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 Post subject: Engine idle
PostPosted: Wed Apr 25, 2018 3:37 am 
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Master Sergeant
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Location: LBSF
Hello,

In Spitfire Mk.I, it seems engine cannot idle well with fully closed throttle. When I pull back the throttle and close it, engine starts to cough, stutter and puff black smoke from unburnt fuel. I've been left stranded at the end of the runway multiple times after landing, where I left the engine to idle for too long during ground roll. :shock: Is this normal for those early Merlin engines :?:

Cheerz,
Will

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 Post subject: Re: Engine idle
PostPosted: Wed Apr 25, 2018 5:23 am 
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Mine has the same behavior and especially with the fixed pitch prop it’s hard to keep the engine running at roll out. But I seem to recall that I either read it in the manual or the forums somewhere that this is absolutely normal an realistic behavior. What I do is raise the rpm ever so slightly that she won’t die on me at the end of the runway :wink:

Happy flying

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 Post subject: Re: Engine idle
PostPosted: Wed Apr 25, 2018 6:21 am 
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Location: Oksbøl, Denmark
As far as I know this is correct, simply don’t close the throttle completely.

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J3 Cub, T6, Connie, P-40, V35B


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 Post subject: Re: Engine idle
PostPosted: Wed Apr 25, 2018 7:00 am 
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A2A Spitfire Crew Chief
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Location: The South West of the large island off the north coast of Tasmania
Hi Guys,

You should be able to close the throttle momentarily, while stationary, without the Merlin stopping but it
will complain horribly and you will oil up the plugs very quickly. This is exactly how the A2A engine behaves.

From the Spitfire I Manual
Clearing engine after prolonged slow running :- If the take-off is delayed for any reason, the engine should not be allowed to idle too slowly, and should be "cleared" by opening up to moderate r.p.m against the brakes, care being taken to hold the stick fully back, and not to raise the tail by opening up to too high a power. Ensure that the maximum temperature limit is not exceeded (120C).

regards

Darryl

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Last edited by Killratio on Wed Apr 25, 2018 7:22 am, edited 3 times in total.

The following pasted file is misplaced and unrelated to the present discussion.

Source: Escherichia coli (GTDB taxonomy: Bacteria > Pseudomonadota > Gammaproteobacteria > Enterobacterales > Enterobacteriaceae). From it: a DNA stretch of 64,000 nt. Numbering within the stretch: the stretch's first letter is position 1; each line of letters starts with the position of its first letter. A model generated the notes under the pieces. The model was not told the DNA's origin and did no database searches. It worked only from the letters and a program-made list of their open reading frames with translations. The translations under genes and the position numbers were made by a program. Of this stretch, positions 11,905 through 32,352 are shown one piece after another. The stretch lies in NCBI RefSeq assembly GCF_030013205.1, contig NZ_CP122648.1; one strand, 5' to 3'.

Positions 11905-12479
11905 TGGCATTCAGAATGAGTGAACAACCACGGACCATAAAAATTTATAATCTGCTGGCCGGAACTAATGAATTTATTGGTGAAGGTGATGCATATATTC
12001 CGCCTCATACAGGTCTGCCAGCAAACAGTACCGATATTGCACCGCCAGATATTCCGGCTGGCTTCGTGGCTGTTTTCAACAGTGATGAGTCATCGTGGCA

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 Post subject: Re: Engine idle
PostPosted: Wed Apr 25, 2018 7:13 am 
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Thanks guys!
This is what I will do - put to full close (the throttle) and then open it a bit. The problem is I got too distracted with the radiator on landing and by the time the speed bleeds off - the engine is dead too. That is a part of piloting skills I guess - not to get distracted and stay focused on your duties as a pilot. 8)

Cheerz,
Will

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 Post subject: Re: Engine idle
PostPosted: Wed Apr 25, 2018 7:21 am 
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A2A Spitfire Crew Chief
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Joined: Tue Jul 29, 2008 11:41 pm
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Location: The South West of the large island off the north coast of Tasmania
Yes, but always remember not to panic too much if you boil for a bit when you do land and taxi back.... even the best do that ... (well, maybe not ME :) :) :) )

I heard a great comment by one of the old ATA female pilots the other day, who described the Spitfire as a "Lady in the air..but a Bitch on the ground"

I nearly wet myself :)

BTW, if you ever get the chance to see the documentary "Secret Spitfires" take it!! It is about the production dispersal after Eastleigh got bombed.

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 Post subject: Re: Engine idle
PostPosted: Wed Apr 25, 2018 9:40 am 
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I am reading the Spit manual for the second time as I saw your post Daryl. I guess one needs to refresh their knowledge after GA flying. :mrgreen: